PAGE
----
The above results change with the change in the size of the rectangular regions, i.e., with the number n of pixels which make up the x and y directions of the region. With the size of n x n, for instance, when q/p (p and q are positive integers which are prime to each other with p=n and n 30 1) is a rational number, the inclination of the cursor represented by tangent θ(θis the angle of the cursor versus the x axis) gives a value closest to q/p. An angle can then be found which gives the highest precision and, theoretically, a resolving power which is as high as about 1/n the picture element gap can be obtained.
As described above, measurement can be taken maintaining a precision finer than a picture element by finding an optimum angle for measurement depending upon the length of the digital cursor for measurement, and by deliberately tilting the displayed image and the linear cursor to make the measurement.
A concrete embodiment of the present invention will now be described in conjunction with FIGS. 6, 7 and 8.
This embodiment measures the width between the edges linear portion of a semiconductor relying upon a surface image of the semiconductor taken through a scanning electron microscope.
FIG. 6 is a system diagram of an image processing apparatus to which the present invention is adapted.
An image to be measured is stored in an image memory 61. A given image region specified by an operator through a keyboard 63 is displayed on a display terminal 64 under the control of a computer 62. A cursor displayed on the display terminal 64 is controlled and measured by a track ball 65.
The procedure for measuring the edge position according to the present invention will now be described in conjunction with a flow chart of FIG. 7.
At a step 71 of FIG. 7, an image to be measured is displayed on the display terminal 64. A step 72 turns the image so that the image to be measured is tilted by a given angle determined on the basis of the selected value n to achieve the maximum resolving power. At a step 73, a portion to be measured in the image is roughly specified by the track ball 65. At a step 74 in which the width between edges is to be measured, two digital cursors 82 of the invention are displayed on a displayed image 81 as shown in FIG. 8, the position and inclination of the cursors 82 are adjusted by using the track ball 65, and the cursors 82 are fitted to a measuring portion 83 in the displayed image 81, in order to measure the line width under the best-fitted condition.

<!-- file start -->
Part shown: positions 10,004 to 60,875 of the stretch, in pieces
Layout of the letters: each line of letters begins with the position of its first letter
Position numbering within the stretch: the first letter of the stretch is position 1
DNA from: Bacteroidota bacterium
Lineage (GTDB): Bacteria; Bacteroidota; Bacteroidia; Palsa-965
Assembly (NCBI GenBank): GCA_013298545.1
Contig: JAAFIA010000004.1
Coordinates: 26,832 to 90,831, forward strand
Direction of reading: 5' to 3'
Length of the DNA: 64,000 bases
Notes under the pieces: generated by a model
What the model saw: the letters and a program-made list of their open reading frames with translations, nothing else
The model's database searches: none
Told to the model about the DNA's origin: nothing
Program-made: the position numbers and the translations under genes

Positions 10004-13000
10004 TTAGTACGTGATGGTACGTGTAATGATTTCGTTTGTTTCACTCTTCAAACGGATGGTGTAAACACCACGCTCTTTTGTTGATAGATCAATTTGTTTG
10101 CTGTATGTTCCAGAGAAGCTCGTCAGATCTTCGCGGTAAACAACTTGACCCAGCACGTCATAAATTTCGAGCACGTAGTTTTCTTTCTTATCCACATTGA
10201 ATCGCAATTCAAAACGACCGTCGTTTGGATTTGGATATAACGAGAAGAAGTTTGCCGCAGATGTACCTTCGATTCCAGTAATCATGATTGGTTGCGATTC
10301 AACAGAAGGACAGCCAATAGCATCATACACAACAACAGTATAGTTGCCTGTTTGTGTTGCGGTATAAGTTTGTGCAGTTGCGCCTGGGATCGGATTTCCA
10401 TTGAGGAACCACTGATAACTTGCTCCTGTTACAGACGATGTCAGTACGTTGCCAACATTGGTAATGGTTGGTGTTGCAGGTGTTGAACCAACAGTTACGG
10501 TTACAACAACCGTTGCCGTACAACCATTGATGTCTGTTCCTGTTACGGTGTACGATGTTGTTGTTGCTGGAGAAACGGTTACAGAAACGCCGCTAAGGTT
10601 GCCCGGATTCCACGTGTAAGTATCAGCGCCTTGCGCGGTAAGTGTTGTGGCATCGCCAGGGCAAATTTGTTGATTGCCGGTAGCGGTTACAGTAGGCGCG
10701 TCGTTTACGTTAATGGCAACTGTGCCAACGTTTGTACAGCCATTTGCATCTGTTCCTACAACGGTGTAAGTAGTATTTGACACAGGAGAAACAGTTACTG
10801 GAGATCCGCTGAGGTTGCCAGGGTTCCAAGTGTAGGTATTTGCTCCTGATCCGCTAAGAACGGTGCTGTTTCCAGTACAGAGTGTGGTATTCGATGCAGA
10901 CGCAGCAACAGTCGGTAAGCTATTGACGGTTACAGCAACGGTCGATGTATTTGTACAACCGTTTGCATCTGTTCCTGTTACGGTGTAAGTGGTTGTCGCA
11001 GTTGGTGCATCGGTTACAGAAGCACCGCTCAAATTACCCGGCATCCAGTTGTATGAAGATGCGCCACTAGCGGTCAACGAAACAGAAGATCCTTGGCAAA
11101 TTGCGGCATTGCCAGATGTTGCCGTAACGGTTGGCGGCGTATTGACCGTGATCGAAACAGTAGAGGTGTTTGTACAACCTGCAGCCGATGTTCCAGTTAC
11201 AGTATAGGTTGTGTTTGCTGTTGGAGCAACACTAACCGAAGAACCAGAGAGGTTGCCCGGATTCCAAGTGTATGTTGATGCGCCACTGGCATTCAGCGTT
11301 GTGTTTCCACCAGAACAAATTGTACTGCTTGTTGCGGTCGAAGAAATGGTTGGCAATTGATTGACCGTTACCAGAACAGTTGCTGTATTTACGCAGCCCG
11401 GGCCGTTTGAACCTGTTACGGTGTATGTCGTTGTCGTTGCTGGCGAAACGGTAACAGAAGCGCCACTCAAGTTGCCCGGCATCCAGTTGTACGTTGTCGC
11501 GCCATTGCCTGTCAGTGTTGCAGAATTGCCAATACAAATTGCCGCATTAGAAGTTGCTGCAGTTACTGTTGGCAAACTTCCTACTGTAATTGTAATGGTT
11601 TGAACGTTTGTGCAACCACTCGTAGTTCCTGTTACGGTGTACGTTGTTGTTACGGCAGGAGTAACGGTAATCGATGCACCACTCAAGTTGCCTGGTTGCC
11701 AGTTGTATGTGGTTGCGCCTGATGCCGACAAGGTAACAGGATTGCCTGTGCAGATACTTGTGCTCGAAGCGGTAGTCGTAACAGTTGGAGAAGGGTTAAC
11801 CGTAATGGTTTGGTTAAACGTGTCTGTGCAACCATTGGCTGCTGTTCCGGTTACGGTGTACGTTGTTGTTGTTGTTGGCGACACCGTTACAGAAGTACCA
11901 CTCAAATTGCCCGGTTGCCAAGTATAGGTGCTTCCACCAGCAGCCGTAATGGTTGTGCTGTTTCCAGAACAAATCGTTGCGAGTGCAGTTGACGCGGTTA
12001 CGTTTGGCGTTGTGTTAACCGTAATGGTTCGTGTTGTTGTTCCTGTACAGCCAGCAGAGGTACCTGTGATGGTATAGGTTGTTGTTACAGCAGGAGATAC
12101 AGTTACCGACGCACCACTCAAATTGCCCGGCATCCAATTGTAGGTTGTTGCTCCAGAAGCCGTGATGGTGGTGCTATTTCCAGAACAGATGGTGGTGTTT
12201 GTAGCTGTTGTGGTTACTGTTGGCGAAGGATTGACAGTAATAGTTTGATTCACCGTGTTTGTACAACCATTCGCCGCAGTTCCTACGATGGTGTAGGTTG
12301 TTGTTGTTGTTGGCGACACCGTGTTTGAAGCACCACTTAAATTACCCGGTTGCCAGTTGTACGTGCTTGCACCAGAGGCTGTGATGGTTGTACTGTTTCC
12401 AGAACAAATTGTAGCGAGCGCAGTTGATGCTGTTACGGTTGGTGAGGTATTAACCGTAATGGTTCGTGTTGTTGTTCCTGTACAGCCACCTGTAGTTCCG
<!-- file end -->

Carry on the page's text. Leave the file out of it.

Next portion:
At this moment, the width between edges is calculated from the central positions of two cursor patterns which can be determined from the movement of the track ball. The movement of the track ball in the horizontal direction is to determine the position of the line in the X-direction, and the movement of the track ball in the vertical direction is to determine the inclination of the line.
A step 75 produces a measured position.
According to this embodiment as described above, a person who takes a measurement changes the position and/or orientation of the cursor freely while looking at the image, and measures the edge position relying upon a cursor which is closest to the shape of the edge being measured.
According to the present invention, the position of a line in a digital image can be measured while maintaining a precision which is finer than a picture element.
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|Citing Patent||Filing date||Publication date||Applicant||Title|
|US5027227 *||Jul 20, 1988||Jun 25, 1991||Sharp Kabushiki Kaisha||Image rotating device|
|US5359677 *||Dec 9, 1991||Oct 25, 1994||Sharp Kabushiki Kaisha||Image reader and facsimile machine using such image reader|
|US20070267495 *||May 17, 2006||Nov 22, 2007||Ravinder Prakash||Frequency domain based micr reader|
|U.S. Classification||382/289, 345/650, 382/206, 345/157|
|International Classification||G06F3/048, H01J37/22, G09G5/08, G06F3/033, G06T7/60, G01B15/00|
|Cooperative Classification||G06F3/04812, G06T2207/30148, G09G5/08, G06T7/60|
|European Classification||G06F3/0481C, G09G5/08, G06T7/60|
|Oct 12, 1988||AS||Assignment|
Owner name: HITACHI, LTD., 6, KANDA SURUGADAI 4-CHOME, CHIYODA
Free format text: ASSIGNMENT OF ASSIGNORS INTEREST.;ASSIGNORS:MOMOSE, KAORU;KATO, MAKOTO;YOKOYAMA, TETSUO;AND OTHERS;REEL/FRAME:004960/0024
Effective date: 19860331
Owner name: HITACHI, LTD., A CORP. OF JAPAN,JAPAN
Free format text: ASSIGNMENT OF ASSIGNORS INTEREST;ASSIGNORS:MOMOSE, KAORU;KATO, MAKOTO;YOKOYAMA, TETSUO;AND OTHERS;REEL/FRAME:004960/0024
Effective date: 19860331
|Jun 29, 1992||FPAY||Fee payment|
Year of fee payment: 4
|Sep 3, 1996||FPAY||Fee payment|
Year of fee payment: 8
|Oct 17, 2000||REMI||Maintenance fee reminder mailed|
|Mar 25, 2001||LAPS||Lapse for failure to pay maintenance fees|
|May 29, 2001||FP||Expired due to failure to pay maintenance fee|
Effective date: 20010328